Despite the power of CuAAC reactions, their applications would be even broader if structurally complex, azide-containing compounds were more widely available. Conventionally, organic azides are synthesized by replacing a molecular fragment called a leaving group with an azide group; the leaving group can be a variety of chemical groups or just a single atom. However, the azide anions used in these substitution reactions are highly nucleophilic (electron-rich) and therefore very reactive. Substitutions with azide anions are thus often incompatible with having other chemical groups in the molecule. Furthermore, the leaving group often needs to be made in advance from an alcohol group (OH), which can be difficult or impossible to achieve selectively on molecules that contain many chemical groups.
Alternatively, azides can be prepared from primary amines (compounds that contain NH2 groups) by a ‘diazotransfer’ reaction. Until now, the state-of-the-art reagent used to carry out diazotransfer had been trifluoromethanesulfonyl azide11 (CF3SO2N3). However, the reactions often require an excess of this reagent, are slow, and do not always proceed to completion, with 60–70% as the typical yield.
Meng et al. have addressed these limitations by developing a more efficient diazotransfer reagent, fluorosulfuryl azide (FSO2N3). They report that it reacts with almost any primary amine in a one-to-one ratio, achieving a nearly 100% yield of the corresponding azide. The authors demonstrated the reagent’s substrate scope and practicality by using it to make a library of 1,224 azides in 96-well plates. It is notable that 49% of these azides had not been synthesized before, according to the authors’ literature search.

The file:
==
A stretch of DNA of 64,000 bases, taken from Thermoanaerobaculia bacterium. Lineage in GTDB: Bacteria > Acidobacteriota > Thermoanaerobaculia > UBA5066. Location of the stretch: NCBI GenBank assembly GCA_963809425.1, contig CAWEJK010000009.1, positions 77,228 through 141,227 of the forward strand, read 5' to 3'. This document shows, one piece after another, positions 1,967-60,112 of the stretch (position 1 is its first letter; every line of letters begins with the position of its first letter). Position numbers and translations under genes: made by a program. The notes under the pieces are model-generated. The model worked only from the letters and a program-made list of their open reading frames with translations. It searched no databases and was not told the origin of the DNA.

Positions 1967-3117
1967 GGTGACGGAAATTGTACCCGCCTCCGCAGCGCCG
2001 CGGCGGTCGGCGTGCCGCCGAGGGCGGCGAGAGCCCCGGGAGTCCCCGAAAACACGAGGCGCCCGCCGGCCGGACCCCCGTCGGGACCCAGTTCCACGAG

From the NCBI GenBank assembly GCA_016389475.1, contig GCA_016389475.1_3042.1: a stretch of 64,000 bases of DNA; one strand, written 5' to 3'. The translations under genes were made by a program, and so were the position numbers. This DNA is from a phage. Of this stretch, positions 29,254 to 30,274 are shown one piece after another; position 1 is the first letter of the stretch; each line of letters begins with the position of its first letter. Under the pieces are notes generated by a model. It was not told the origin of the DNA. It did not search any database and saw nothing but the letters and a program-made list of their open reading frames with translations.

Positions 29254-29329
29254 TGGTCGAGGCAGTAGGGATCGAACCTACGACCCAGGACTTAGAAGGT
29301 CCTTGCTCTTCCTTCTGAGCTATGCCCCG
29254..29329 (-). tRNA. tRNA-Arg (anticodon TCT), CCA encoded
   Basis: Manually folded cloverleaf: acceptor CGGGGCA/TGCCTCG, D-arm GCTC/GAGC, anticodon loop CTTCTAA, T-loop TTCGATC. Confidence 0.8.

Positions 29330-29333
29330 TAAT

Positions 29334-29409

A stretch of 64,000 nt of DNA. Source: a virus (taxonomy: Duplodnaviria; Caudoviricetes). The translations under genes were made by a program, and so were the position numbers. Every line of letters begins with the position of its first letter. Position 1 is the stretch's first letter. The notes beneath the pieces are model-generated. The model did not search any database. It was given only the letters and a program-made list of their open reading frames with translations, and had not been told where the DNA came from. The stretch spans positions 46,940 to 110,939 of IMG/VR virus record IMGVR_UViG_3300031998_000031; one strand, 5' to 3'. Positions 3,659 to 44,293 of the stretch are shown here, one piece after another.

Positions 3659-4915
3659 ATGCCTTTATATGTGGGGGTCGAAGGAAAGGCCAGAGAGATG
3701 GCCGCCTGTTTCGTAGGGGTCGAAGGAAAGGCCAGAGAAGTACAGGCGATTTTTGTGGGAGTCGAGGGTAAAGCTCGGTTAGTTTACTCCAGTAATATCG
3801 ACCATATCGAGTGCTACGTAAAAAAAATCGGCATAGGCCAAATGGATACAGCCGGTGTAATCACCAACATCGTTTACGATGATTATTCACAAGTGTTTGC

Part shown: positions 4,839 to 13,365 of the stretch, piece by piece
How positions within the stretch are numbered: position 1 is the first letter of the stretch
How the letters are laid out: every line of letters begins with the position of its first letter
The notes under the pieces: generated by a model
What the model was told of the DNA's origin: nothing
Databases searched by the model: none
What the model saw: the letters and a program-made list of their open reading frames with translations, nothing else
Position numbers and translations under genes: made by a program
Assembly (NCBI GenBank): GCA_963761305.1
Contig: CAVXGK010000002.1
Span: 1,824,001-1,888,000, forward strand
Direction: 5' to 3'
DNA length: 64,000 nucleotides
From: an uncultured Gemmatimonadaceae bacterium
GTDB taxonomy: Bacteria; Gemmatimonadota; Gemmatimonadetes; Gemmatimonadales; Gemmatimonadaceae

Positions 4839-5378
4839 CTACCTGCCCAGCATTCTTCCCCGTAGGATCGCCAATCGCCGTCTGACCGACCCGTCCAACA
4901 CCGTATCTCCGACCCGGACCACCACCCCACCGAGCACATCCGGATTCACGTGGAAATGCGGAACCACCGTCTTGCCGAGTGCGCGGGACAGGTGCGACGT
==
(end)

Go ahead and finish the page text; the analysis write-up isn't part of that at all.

The number of azides synthesized is impressive (see Supplementary Information Section 6 of the paper1 for a full list), but the most striking aspect of this study is the substrate scope: the reaction works for different amine subclasses, on complex molecules, and in the presence of various chemical groups. Moreover, Meng and colleagues’ diazotransfer reaction meets the speed, breadth and efficiency criteria for click chemistry.
In addition, the authors demonstrated that the prepared azide solutions can be used directly in CuAAC reactions. This opens the door to a highly efficient and general two-step method for converting primary amines — a common chemical group in organic molecules — into triazoles. Notably, this method does not require the amines to be modified in advance to prevent unwanted side reactions at other chemical groups; nor does it require the intermediate azides to be purified.
Triazoles are functional mimics of the amide bond12, which is found in many pharmaceutical agents and in all proteins. Triazoles can also function as surrogates for sugars in polysaccharides13. Meng and co-workers’ chemistry could therefore be used to synthesize well-characterized libraries of complex small molecules and biomacromolecules from readily available precursors. More broadly, the work brings us a step closer to the vision laid out by the pioneers of click chemistry3,5: the development of a few operationally simple reactions that use common precursors to rapidly generate diverse libraries of (bio)molecules that have desirable functional properties.
Nature 574, 42-43 (2019)